Sunday, 30 April 2017

Adagietto from Mahler’s 5th Symphony (1902)

The 2nd (and main) theme of the BBC Phil's Transfigured Night was Mahler’s 5th Symphony. Mahler objected to it being described in any key: "From the order of the movements (where the usual first movement now comes second) it is difficult to speak of a key for the 'whole Symphony', and to avoid misunderstandings the key should best be omitted."

Mahler wrote his fifth symphony during the summers of 1901 and 1902. In February 1901 Mahler had suffered a sudden major haemorrhage and his doctor later told him that he had come within an hour of bleeding to death. The composer spent quite a while recuperating. He moved into his own lakeside villa in the southern Austrian province of Carinthia in June 1901. Mahler was delighted with his newfound status as the owner of a grand villa. According to friends, he could hardly believe how far he had come from his humble beginnings. He was director of the Vienna Court Opera and the principal conductor of the Vienna Philharmonic. His own music was also starting to be successful. Later in 1901 he met Alma Schindler and by the time he returned to his summer villa in summer 1902, they were married and she was expecting their first child. I think this is reflected in the music. It is fundamentally optimistic in its grandeur.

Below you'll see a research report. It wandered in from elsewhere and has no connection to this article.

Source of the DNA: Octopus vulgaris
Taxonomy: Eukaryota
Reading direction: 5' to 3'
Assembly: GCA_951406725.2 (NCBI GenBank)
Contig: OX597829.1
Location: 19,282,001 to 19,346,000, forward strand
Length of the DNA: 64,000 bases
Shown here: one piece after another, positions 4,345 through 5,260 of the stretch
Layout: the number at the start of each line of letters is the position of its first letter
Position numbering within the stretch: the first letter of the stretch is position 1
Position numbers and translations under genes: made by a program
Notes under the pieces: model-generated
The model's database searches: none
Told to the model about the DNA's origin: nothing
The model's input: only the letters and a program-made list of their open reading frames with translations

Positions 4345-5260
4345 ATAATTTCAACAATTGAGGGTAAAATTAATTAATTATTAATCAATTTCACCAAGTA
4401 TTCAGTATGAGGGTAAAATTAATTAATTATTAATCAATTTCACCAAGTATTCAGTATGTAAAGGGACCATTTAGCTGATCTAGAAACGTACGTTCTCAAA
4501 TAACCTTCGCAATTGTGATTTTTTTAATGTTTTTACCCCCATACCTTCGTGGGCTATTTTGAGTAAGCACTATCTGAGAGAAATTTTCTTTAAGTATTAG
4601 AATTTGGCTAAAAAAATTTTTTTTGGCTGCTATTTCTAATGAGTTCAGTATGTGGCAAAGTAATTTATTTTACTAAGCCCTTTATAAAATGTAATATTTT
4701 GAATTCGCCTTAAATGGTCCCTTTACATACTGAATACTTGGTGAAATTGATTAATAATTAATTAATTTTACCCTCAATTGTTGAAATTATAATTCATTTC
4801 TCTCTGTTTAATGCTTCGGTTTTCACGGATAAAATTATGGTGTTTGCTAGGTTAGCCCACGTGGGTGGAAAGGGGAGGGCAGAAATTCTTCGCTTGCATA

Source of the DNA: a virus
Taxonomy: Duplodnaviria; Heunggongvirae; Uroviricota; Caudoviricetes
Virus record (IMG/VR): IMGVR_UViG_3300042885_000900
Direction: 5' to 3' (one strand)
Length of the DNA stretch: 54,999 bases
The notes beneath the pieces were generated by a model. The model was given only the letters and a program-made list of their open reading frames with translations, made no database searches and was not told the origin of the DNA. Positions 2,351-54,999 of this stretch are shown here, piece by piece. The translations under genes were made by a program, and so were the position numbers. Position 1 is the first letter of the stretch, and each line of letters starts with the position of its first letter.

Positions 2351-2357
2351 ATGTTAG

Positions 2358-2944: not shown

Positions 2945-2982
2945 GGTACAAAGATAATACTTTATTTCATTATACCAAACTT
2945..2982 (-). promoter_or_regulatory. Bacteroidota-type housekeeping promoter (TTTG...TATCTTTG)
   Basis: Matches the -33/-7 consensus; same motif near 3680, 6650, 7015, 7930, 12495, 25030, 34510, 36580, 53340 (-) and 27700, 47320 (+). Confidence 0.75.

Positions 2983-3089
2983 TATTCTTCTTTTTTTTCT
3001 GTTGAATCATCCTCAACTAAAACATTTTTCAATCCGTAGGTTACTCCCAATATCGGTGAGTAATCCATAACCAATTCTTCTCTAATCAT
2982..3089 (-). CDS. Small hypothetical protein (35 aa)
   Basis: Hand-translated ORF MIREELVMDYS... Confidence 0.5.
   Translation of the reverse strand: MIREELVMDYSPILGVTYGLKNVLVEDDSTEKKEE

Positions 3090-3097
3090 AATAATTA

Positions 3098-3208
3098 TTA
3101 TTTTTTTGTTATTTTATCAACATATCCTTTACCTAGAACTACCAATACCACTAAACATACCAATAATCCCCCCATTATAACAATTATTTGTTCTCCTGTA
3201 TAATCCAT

The Austrian conductor Herbert von Karajan once said that when you hear the symphony, "you forget that time has passed. A great performance of the Fifth is a transforming experience. The fantastic finale almost forces you to hold your breath."

The Adagietto is said to represent Mahler's love song to his wife Alma. According to a letter she wrote to Willem Mengelberg, the composer left a small poem:

How much I love you, you my sun,
I cannot tell you that with words.
I can only lament to you my longing
and my love, my bliss!

The Adagietto features prominently in Luchino Visconti’s 1971 Italian- French film Death in Venice. The clip shows the final scene with a dying Dirk Bogarde, looking wistfully on as his youth disappears enigmatically into the blurring sea, striving for Avalon against the waves. There is something very utopian about this music, which delights in getting caught up in the fronds of reality.

After its premiere, Mahler is reported to have said, "Nobody understood it. I wish I could conduct the first performance fifty years after my death."  

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